The time since diagnosis was classified as less than 1 year, 1 to < 5 years, 5 to < 10 years and 10 or more years. If multiple cancers were present, the diagnosis closest to the study enrolment date was used. The stage of cancer at diagnosis was classified as localised to the tissue of origin, regional spread to adjacent organs and/or regional lymph nodes, distant metastases and unknown stage (only solid cancers (ICD-10 AM diagnosis codes C00.0–C43.9 or C45.0–C80) were staged). Recent treatment was classified as yes/no based on the response to the baseline survey question, “In the last month, have you been treated for cancer?” The reference group for the study comprised respondents with no record of a cancer diagnosis in the CCR database.
Physical functioning limitations were assessed using the Medical Outcomes Study Physical Functioning (MOS-PF) score  eliciting self-reported data on limitations in the ability to perform vigorous and moderate physical activities and tasks such as lifting or carrying shopping; climbing stairs; walking; bending, kneeling or stooping; and bathing or dressing. The MOS-PF is a valid and reliable measure of physical functioning , with a lower score indicating more severe functional limitation . Scores ranged from 0 to 100, where higher scores represented fewer limitations, and were grouped into four categories: no limitation (MOS-PF score = 100), minor limitations (90–99), moderate limitations (60–89) and severe limitations (< 60) [14, 19].
Psychological distress was assessed using the Kessler-10 (K10), a validated measure of non-specific symptoms of psychological distress . Respondents indicated the frequency of symptoms experienced in the past 4 weeks, from 1 “none of the time” to 5 “all of the time”. Scores range from 10 (no distress) to 50 (severe distress) and were categorised as low distress (10 to < 16), moderate distress (16 to < 22) and high distress (22 to 50) .
Self-rated health and quality of life were based on the question, “In general, how would you rate your overall health/quality of life?”, followed by response options of excellent, very good, good, fair and poor.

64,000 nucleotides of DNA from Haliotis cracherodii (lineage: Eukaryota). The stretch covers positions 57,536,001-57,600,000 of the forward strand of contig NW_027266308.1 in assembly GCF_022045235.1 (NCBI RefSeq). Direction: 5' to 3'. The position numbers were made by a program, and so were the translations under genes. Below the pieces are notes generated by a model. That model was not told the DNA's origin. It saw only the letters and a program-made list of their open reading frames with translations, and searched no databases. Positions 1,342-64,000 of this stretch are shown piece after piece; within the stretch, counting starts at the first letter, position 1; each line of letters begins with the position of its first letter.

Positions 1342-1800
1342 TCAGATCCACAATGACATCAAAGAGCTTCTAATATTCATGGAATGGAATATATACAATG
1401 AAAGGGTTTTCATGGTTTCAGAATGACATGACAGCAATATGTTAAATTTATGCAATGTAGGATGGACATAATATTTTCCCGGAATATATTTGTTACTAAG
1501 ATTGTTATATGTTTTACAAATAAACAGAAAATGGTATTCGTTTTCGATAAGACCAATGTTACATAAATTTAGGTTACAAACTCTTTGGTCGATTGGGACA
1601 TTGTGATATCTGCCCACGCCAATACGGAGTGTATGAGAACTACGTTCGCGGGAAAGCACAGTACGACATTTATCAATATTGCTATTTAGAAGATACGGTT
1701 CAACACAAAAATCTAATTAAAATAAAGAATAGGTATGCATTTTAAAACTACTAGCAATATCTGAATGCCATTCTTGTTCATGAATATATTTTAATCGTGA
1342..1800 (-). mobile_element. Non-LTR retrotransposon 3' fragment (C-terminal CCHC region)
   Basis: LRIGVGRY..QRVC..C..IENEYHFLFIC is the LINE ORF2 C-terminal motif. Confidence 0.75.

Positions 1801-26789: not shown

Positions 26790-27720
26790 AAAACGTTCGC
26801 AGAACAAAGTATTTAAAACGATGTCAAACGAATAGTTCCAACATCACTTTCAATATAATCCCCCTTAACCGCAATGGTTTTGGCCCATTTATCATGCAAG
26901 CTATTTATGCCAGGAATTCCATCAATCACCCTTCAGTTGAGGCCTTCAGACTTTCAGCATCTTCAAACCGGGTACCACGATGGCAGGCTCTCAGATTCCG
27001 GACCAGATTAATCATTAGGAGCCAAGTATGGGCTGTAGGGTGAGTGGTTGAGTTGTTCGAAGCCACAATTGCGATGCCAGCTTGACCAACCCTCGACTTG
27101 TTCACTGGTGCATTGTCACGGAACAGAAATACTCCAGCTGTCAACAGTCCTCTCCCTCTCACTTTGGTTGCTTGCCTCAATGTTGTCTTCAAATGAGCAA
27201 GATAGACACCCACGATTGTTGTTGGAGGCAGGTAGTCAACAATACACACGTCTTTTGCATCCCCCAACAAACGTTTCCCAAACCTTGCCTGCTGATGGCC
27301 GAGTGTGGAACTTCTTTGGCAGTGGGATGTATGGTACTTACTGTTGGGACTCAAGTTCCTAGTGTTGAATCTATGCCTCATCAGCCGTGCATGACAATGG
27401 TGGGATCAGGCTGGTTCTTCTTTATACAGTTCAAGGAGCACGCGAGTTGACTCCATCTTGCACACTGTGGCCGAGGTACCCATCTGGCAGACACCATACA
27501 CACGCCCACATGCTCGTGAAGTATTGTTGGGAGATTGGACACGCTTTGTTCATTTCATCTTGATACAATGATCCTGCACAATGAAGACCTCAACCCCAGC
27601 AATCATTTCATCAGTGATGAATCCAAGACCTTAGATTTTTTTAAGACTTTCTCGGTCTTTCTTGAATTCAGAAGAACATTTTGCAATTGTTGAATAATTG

Sociodemographic and health characteristics included age (categorised as 45–64 years; 65–79 years; ≥ 80 years), gender, education (no school certificate, certificate/diploma/trade, university degree), country of birth (Australian born, not Australian born), body mass index (BMI (kg/m2) 15 to < 18.5, 18.5 to < 25, 25 to < 30, and ≥ 30–50), physical activity (tertiles of sessions per week weighted for intensity), smoking status (never/past/current smoker) and number of alcoholic drinks per week (0, 1–14, ≥ 15 drinks per week). The region of residence derived from the address was categorised as major city, inner regional, outer regional and remote/very remote. Comorbidities were based on responses to questions on “has a doctor ever told you that you have...”.
After logical imputation and backfilling for K10 and MOS-PF scores, we excluded those with missing data on each outcome variable (physical functioning limitations (n = 35,450; 13.3%), psychological distress (n = 30,290; 11.4%), self-rated health (n = 9413; 3.5%) and quality of life (n = 14,064; 5.3%)) from the corresponding analyses.
Descriptive statistics summarised demographic and clinical data. Modified Poisson regression models estimated prevalence ratios (PRs) and 95% confidence intervals (CIs) to quantify associations between a cancer diagnosis and each adverse person-centred outcome, categorised as binary variables: severe physical functioning limitations (MOS-PF score < 60), high/moderate psychological distress (K10 score 16–50), poor/fair self-rated health, poor/fair quality of life, overall and according to cancer type. Models were adjusted for age and sex (where applicable). Further statistical adjustments were not done as the objective was to compare prevalences and lived experiences rather than establish causality. Adjusted PRs were also estimated stratifying by clinical characteristics (time since diagnosis, stage and recent treatment). To quantify the contribution of physical disability to high psychological distress, poor/fair quality of life and poor/fair self-rated health, adjusted PRs were estimated among participants with and without a cancer diagnosis further stratified by different levels of physical functional limitations; those with neither cancer nor physical functional limitations were used as the reference group. The prevalence of severe physical functioning limitations across population subgroups was compared, separately for those with and without cancer; differences by cancer diagnosis were assessed using interaction tests.